Razer loves to steal the show. Every CES, there's some crazy new project from the gaming hardware company. Apparently their longtime rival Mad Catz was having enough of that, because they pulled out all the freaking stops this year.
Ergonomically, SteelSeries' new Sensei mouse is just like their previous ambidextrous kit, so the upgrades are all under the hood: Namely, a 32-bit ARM processor that doubles its max counts per inch from 5700 to 11,400.
Damien Crossan's gaming mouse concept looks like the offspring of a Razer mouse and Thing from the Addams Family. Ergonomic? You betcha. See if you still get RSI playing StarCraft on this 11-button monster.
My right hand's too broken in to switch back to mousing with my left hand, but no PC gamer ever needs to know the right-handed prejudice I've suffered: Behold, the Razer DeathAdder Left Hand Edition.
An outlier in PC gaming, SteelSeries' gear won't outglow Chernobyl. It's unassuming and utilitarian, like ThinkPads. They take themselves a little too seriously. But Xai is possibly the best ambidextrous gaming mouse I've ever used, despite the ridiculous HD gimmick.
The Imperator is Razer's latest gaming mouse, and it may be their best—oddly, because it feels like a mouse from an entirely different company.
Razer's Imperator is pretty standard right-handed Razer gaming mouse (5600dpi tracking, etc.), but it has sliding thumb buttons, so you can adjust exactly where they sit on the mouse. Could be gimmicky, but I'm definitely intrigued. [Razer]
I'm a minimalist when it comes to mouse bling, but for $50, Razer's Abyssus is a little too lean—there aren't even any thumb buttons—just raw 3500DPI tracking and a 1ms response time with on-the-fly adjustment.
Did you know it was gaming mouse season? It's the time of year when they come out of their Cheeto-packed burrows to mate. SteelSeries' Xai's mating call is its "high definition" sensor.
Silverstone's Raven gaming mouse looks really interesting at first glance, what with the giant, glowing and strangely hypnotic tumor bolted to its side. It appears to be a secondary scroll wheel, which sits next to the usual thumb buttons. And you've got another pair of buttons next to your middle finger. But when you…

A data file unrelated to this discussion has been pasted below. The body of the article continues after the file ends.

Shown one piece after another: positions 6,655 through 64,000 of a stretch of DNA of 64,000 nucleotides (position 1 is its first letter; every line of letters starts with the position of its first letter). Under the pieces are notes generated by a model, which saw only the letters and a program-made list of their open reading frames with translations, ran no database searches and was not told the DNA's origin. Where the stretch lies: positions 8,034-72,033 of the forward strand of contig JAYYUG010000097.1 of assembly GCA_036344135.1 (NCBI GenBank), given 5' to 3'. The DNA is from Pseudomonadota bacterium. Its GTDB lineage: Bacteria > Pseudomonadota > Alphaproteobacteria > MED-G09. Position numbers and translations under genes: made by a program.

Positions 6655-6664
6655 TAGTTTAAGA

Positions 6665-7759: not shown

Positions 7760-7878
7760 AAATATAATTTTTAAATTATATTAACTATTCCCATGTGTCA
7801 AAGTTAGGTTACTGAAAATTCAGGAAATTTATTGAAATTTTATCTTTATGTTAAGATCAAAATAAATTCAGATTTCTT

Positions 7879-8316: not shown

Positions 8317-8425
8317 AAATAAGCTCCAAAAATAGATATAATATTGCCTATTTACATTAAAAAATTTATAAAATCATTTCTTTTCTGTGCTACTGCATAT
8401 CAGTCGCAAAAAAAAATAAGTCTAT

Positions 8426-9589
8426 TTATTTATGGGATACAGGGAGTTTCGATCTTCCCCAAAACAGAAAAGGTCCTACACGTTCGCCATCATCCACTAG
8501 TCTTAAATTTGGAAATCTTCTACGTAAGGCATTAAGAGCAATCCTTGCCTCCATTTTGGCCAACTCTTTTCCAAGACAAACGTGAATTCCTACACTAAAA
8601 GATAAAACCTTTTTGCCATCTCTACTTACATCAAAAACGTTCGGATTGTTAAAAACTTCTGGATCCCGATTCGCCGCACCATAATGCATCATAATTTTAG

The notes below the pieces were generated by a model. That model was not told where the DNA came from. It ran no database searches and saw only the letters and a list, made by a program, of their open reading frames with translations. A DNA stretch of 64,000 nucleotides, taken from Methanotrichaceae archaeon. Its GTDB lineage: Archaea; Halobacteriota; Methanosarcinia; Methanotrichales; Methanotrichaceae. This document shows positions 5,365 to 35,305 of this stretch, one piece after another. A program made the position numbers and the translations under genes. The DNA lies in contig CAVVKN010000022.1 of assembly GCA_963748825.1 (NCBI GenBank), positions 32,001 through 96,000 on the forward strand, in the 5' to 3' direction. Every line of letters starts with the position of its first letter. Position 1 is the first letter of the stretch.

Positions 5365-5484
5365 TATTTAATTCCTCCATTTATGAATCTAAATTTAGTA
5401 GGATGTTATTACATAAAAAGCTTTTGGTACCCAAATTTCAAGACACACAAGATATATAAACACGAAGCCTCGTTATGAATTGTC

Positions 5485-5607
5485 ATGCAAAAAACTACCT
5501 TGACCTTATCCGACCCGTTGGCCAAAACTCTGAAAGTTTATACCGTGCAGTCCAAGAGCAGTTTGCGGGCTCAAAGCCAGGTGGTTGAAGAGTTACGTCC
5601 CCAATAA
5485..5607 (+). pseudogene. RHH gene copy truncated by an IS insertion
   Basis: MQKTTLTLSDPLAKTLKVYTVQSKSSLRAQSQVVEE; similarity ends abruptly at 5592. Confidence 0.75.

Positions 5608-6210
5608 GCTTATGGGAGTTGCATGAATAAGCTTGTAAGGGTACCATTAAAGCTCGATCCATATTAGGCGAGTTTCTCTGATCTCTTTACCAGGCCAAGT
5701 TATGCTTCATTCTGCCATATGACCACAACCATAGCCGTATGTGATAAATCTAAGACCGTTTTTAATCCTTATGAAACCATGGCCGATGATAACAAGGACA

The Gadget Avatar is the first-ever gaming mouse from NZXT, who's better known for its Battlestar Galactica-worthy PC cases. It's got the usual gaming mice features—a ridiculous DPI count with on-the-fly-switching, a crapload of customizable buttons, and bright, shiny lights.
HP has two new mice out dedicated to gaming. The HDX Laser Mouse gives you five mouse setting profiles, five programmable macro buttons, and is allegedly eight times faster than conventional mice. The slightly more advanced Laser Gaming Mouse with Voodoo DNA gives you everything the regular laser mouse has, plus HP's…
With 3200dpi gaming mice becoming de rigeur, Razer needed to step it up to 4000 to keep the pissing match going. Even though a 3200dpi mouse is already too fast for some, I4U's reviewer says that Razer's 4000dpi Lachesis "is very accurate and tracking is great," particularly in Crysis. But, most of you probably aren't…
Saitek continues on the path of insane 3200dpi laser gaming mice, though its latest, the Cyborg, seems to take a cue from Logitech's G9 design-wise with a boatload of customization options—unless you're a leftie (ha!). Besides being similarly ugly, you can adjust the grip by sliding the front section forward or…
Some Chinese site seems to have some leaked photos of Logitech's upcoming G9 gaming mouse. If this is real, the upgrade to the G5 gaming mouse has interchangeable face plates, LEDs for resolution display and some modularization changes all over the place. Ugly photos aside, this one looks fairly convincing. […
The R2 Gaming Mouse Mark II is a 1600 dpi input device that takes an unusual approach. It's aimed at hard-core gamers, and is highly customizable with seven buttons to which you can assign a function, keystroke or macro. You can even program those incessantly blinking LED lights.